"This is an awful night for Lafayette. This is an awful night for Louisiana. This is an awful night for the United States," said Jindal.
Two of the wounded victims were teachers, he said, one of whom told him that she survived the attack because her friend rolled over her as bullets rang out. That teacher then managed to pull a fire alarm in the cinema, he said.
Amy Schumer at the Trainwreck Australian premiere. Photo: Brendon Thorne
Tanya Clark, 36, who was at the cinema to see another movie, was at the concession stand with her three children when she saw people run screaming through the lobby.
"I thought it was just a joke," said her son, Robert Martinez, 17. "People were screaming."
He said a woman in her 60s ran past them shouting that she had been shot in the leg. He saw blood pouring down her leg, he said.
Clark said she grabbed her five-year-old daughter and ran, leaving her purse and phone on the concession stand counter.
"I just grabbed her arm," she said. "In that moment, you don't think about anything. That's when you realise that your wallet and phone are not important."
The investigation inside the cinema was briefly halted when police found the gunman's vehicle and found what they said was a "suspicious package" inside. A bomb squad was called and the vehicle's windows and trunk were blown up. The car was to be towed from the lot.
Officials said a suspicious backpack and other small items found in the cinema were being examined. A robot was brought in for use in the investigation.
The shooting came three years after a gunman opened fire at a cinema in Aurora, Colorado, during a midnight screening of the Batman film, The Dark Knight Rises, killing 12 people and wounding 70 others.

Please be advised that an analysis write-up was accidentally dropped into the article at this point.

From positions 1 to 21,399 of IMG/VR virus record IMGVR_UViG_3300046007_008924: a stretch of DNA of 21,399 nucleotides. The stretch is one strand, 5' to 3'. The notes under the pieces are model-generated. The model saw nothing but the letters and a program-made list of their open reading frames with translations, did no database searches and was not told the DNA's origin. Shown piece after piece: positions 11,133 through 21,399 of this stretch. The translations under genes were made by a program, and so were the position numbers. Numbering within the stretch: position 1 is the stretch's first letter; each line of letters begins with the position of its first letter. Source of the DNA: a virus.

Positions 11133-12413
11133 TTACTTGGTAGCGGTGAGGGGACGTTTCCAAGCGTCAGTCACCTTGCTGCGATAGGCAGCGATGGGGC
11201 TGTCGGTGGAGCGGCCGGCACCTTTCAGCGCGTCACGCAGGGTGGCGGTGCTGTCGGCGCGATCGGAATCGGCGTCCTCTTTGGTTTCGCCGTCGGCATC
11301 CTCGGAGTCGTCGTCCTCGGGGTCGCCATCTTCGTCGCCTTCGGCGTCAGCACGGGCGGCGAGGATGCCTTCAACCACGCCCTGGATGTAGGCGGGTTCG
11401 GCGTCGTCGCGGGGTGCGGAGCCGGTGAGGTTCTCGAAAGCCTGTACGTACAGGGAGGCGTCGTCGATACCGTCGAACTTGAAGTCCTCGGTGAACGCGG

James Holmes, a former neuroscience graduate student at the University of Colorado, was convicted last week on 165 counts of murder, attempted murder and explosives in the July 20, 2012, rampage.
Jurors in that case were trying to determine if Holmes should face the death penalty or life in prison.
The United States has witnessed several mass shootings in the last two months.
A gunman is accused of a racially motivated shooting at a black church in South Carolina that killed nine church members in June. More recently, a gunman attacked military offices in Tennessee last week, killing five US servicemen.
Jindal, who last month announced his candidacy for president, said he had ordered National Guard members at offices and other facilities to be armed in the wake of the Tennessee attack.
In a BBC interview excerpt that aired on Thursday before the shooting, US President Barack Obama said his biggest frustration was the failure to pass "common-sense gun safety laws" in the United States.
Obama, who was travelling to Kenya on Friday, received a briefing about the shooting during a refuelling stop in Germany, said White House spokesman Josh Earnest.
"The thoughts and prayers of everyone at the White House, including the President and First Lady, are with the community of Lafayette, Louisiana, especially the families of those who were killed," a statement said.
Reuters, New York Times